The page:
With only one week left until the World Traditional Karate Kobudo Tournament held here in Okinawa, things are getting a little hectic over here. I can safely say that I have never seen so many foreigners at once during my 5 months here.
It’s really fun!
This will be the biggest Karate event held in Okinawa ever, that is for sure. Three intense days of demonstrations, seminars and competitions. I checked the lists for the tournament earlier, and in the adult male black belt kata division there are 250 participants!
And I’m one of them! It’s insane!
So, to meditate a little (and gather my hidden ki-force for the tournament), yesterday I escaped the city life and took a trip to Shikinaen park, a UNESCO world heritage site.
Here is the proof of that:
There are only a few UNESCO places in Okinawa, and among those Shikinaen park is a place I have wanted to visit for a long time. But not for it’s scenic beauty or tranquil ambience…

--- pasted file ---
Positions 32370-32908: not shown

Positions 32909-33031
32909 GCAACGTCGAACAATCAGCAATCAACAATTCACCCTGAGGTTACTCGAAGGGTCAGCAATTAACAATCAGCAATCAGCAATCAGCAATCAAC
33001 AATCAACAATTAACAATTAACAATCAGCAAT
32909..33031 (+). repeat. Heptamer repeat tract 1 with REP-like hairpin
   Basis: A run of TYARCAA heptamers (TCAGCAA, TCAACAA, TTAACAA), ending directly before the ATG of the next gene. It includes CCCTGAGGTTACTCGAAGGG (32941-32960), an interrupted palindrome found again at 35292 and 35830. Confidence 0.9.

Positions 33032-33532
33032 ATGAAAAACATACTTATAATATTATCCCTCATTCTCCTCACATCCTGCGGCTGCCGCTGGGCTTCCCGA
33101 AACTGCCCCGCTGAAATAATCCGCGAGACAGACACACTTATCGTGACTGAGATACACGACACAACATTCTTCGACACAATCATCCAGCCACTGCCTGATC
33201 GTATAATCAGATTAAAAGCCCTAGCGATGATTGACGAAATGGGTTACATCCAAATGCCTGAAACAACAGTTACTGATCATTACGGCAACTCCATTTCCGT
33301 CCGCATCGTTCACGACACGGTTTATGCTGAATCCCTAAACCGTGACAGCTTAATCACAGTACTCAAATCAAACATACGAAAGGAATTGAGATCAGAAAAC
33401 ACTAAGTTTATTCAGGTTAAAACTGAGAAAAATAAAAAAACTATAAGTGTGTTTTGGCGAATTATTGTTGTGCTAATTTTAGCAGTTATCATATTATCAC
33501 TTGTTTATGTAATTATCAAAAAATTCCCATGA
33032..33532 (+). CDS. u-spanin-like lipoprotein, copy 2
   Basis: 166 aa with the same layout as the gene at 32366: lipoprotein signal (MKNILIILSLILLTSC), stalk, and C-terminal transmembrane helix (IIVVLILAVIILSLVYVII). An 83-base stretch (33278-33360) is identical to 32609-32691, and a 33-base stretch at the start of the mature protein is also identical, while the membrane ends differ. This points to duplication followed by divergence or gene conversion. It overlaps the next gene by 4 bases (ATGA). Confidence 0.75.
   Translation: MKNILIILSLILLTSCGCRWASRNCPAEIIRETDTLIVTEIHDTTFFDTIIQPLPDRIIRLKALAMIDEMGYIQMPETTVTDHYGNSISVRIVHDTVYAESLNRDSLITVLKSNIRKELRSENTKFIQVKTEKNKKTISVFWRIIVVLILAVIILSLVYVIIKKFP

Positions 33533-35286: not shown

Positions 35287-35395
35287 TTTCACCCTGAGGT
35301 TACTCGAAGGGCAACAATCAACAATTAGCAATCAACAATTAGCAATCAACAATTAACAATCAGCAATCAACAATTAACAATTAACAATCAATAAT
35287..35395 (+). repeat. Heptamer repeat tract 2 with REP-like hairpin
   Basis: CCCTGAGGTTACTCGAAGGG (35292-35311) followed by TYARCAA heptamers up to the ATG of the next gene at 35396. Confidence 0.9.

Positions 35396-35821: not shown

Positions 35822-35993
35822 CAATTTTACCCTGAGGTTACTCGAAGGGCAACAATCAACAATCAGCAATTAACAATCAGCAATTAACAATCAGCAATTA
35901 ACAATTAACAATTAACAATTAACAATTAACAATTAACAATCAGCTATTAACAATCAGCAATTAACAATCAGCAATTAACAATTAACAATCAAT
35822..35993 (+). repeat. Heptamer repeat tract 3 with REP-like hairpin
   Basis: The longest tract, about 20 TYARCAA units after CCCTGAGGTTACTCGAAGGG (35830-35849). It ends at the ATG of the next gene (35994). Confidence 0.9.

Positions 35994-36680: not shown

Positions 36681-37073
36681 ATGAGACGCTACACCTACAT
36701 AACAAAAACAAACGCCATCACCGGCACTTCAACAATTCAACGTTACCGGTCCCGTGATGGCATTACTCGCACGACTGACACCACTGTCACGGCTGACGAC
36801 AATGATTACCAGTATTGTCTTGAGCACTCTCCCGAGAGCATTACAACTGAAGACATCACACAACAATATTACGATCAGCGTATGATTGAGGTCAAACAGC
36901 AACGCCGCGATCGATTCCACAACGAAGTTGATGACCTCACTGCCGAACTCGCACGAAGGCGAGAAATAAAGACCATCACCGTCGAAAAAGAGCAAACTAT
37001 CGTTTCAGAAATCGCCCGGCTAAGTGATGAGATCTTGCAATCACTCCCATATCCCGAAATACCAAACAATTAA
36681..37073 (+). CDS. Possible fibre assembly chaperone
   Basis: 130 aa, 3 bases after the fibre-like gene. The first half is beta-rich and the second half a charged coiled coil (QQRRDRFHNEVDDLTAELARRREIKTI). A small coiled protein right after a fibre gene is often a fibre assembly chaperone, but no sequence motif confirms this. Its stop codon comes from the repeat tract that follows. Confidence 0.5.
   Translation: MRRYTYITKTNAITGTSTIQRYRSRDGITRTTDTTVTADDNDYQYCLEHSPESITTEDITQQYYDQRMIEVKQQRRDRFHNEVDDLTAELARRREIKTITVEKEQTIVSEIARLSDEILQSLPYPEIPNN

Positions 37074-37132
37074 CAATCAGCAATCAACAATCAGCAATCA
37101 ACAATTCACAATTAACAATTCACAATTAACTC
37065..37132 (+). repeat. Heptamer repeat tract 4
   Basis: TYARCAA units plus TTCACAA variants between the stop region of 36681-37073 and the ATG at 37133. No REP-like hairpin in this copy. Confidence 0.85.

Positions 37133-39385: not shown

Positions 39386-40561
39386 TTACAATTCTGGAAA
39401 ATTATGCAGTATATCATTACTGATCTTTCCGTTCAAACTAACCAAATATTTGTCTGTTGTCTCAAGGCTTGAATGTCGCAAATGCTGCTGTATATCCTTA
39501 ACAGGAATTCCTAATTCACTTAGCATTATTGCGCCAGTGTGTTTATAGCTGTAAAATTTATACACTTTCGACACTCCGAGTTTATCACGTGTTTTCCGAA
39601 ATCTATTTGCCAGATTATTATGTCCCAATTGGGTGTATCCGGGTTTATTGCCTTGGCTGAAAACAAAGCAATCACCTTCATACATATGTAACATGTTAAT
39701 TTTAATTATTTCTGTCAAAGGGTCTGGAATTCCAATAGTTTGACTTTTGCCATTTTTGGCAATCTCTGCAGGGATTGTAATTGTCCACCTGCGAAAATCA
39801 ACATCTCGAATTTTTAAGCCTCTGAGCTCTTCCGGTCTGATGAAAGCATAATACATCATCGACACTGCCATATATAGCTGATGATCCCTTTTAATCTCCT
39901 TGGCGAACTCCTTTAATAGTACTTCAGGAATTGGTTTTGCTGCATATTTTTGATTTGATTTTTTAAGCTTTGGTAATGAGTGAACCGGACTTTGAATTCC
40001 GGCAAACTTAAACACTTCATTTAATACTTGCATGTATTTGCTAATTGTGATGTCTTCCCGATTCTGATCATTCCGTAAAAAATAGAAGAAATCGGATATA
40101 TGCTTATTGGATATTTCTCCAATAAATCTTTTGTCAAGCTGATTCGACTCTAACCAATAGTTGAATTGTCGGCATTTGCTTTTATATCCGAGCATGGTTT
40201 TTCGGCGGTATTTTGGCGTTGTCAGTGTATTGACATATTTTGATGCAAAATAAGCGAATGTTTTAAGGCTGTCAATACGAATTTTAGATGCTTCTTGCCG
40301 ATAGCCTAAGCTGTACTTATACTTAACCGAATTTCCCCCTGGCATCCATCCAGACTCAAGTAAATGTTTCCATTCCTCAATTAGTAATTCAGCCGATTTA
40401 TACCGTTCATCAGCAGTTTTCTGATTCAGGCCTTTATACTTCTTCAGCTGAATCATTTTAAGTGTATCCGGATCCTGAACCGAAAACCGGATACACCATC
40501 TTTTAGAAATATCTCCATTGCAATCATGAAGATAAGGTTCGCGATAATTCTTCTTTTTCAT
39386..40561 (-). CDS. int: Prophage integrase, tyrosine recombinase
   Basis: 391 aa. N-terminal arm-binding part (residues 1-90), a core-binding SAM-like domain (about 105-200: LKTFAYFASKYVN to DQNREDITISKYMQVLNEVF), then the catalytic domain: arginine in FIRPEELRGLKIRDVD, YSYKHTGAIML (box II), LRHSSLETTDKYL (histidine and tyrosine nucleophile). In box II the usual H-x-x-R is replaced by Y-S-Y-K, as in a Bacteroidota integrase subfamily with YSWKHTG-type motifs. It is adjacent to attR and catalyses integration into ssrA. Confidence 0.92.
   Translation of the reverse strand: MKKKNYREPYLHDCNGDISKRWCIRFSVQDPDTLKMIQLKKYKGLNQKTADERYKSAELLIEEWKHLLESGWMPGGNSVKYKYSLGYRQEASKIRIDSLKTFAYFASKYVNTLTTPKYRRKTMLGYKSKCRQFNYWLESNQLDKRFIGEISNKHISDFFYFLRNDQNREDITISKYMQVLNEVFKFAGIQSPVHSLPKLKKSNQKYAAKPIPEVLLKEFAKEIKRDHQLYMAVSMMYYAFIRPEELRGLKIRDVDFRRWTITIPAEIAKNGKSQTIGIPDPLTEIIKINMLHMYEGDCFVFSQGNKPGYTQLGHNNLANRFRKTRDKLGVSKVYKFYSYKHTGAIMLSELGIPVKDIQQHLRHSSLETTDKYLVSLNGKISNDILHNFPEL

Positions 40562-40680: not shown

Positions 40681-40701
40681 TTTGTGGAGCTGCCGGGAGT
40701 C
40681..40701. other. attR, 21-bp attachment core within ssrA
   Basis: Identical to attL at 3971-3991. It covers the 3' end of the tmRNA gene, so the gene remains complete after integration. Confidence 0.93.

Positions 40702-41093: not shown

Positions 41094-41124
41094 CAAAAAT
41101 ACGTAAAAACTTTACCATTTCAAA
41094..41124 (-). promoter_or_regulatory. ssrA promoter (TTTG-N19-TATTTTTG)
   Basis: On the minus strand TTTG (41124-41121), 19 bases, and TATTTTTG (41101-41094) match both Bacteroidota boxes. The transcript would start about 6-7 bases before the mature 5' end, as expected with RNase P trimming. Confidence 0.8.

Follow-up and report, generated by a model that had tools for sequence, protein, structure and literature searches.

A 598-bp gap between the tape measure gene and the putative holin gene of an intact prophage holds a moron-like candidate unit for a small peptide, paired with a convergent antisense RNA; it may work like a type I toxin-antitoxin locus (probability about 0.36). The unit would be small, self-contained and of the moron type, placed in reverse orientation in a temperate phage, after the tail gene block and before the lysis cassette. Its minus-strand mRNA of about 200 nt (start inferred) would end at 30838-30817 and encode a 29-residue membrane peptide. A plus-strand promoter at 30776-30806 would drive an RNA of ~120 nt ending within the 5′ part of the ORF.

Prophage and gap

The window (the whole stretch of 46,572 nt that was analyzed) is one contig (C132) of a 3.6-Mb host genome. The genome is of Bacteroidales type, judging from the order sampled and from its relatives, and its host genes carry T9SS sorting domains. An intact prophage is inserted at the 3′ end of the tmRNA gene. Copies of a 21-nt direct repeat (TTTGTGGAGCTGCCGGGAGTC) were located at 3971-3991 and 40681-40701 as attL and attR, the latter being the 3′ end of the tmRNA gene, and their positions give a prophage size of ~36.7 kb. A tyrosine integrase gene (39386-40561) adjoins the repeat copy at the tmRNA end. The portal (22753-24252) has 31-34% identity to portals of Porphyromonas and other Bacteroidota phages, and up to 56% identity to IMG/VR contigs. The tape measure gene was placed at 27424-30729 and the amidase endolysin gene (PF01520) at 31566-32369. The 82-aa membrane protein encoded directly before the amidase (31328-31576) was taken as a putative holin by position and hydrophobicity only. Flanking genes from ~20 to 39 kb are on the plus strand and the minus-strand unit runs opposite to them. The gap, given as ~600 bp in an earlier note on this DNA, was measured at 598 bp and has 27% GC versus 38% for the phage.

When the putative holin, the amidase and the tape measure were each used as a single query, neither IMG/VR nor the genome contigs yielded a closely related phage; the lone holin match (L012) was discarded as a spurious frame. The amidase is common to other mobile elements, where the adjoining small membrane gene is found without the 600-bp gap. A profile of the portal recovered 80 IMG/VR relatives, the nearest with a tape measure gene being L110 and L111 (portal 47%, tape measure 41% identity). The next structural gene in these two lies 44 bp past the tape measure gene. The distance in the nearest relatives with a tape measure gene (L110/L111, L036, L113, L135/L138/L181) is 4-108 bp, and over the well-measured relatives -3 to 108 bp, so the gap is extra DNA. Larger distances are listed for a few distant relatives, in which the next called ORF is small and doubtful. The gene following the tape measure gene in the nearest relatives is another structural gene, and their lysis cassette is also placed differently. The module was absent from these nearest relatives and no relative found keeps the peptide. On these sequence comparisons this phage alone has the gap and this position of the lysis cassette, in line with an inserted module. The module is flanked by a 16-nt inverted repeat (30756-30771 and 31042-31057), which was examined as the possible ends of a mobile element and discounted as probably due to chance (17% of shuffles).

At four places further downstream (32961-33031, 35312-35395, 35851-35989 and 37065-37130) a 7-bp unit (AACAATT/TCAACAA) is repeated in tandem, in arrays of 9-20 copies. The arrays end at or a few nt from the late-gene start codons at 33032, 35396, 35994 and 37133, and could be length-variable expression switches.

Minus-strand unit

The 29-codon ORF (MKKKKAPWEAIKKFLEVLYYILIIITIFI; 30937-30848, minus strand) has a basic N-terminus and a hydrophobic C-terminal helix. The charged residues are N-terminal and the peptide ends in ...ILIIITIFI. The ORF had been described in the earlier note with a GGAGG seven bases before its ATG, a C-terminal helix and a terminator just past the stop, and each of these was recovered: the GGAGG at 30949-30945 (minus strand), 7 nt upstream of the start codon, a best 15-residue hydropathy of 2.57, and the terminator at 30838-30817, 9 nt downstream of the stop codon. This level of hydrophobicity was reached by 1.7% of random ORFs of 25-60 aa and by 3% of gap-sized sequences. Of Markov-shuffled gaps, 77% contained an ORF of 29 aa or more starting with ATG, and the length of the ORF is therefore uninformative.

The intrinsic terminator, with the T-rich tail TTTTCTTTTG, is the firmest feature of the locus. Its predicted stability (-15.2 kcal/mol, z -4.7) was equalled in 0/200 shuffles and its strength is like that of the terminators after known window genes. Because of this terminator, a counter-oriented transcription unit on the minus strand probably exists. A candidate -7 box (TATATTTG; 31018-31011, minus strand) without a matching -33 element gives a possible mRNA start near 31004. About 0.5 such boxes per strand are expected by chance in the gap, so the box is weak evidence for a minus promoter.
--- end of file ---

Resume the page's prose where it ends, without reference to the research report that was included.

But for the many connections it has with Karate and Kobudo.
Not many people know that though. They just think “What a nice park”, snap some photos and eat some ice cream. But if you have the right knowledge… Shikinaen park is much deeper than your average park.
So let’s take a trip through Shikinaen park together. And let’s do it from a Karate (and Kobudo) point of view.
Forget the guide books.
This is what they never tell you in the pamphlet. And forget walking hour after hour in the hot sun and paying entrance fee…
I already did that for you.
Just sit back, relax, and enjoy your virtual “martial arts tour” through Shikinaen park: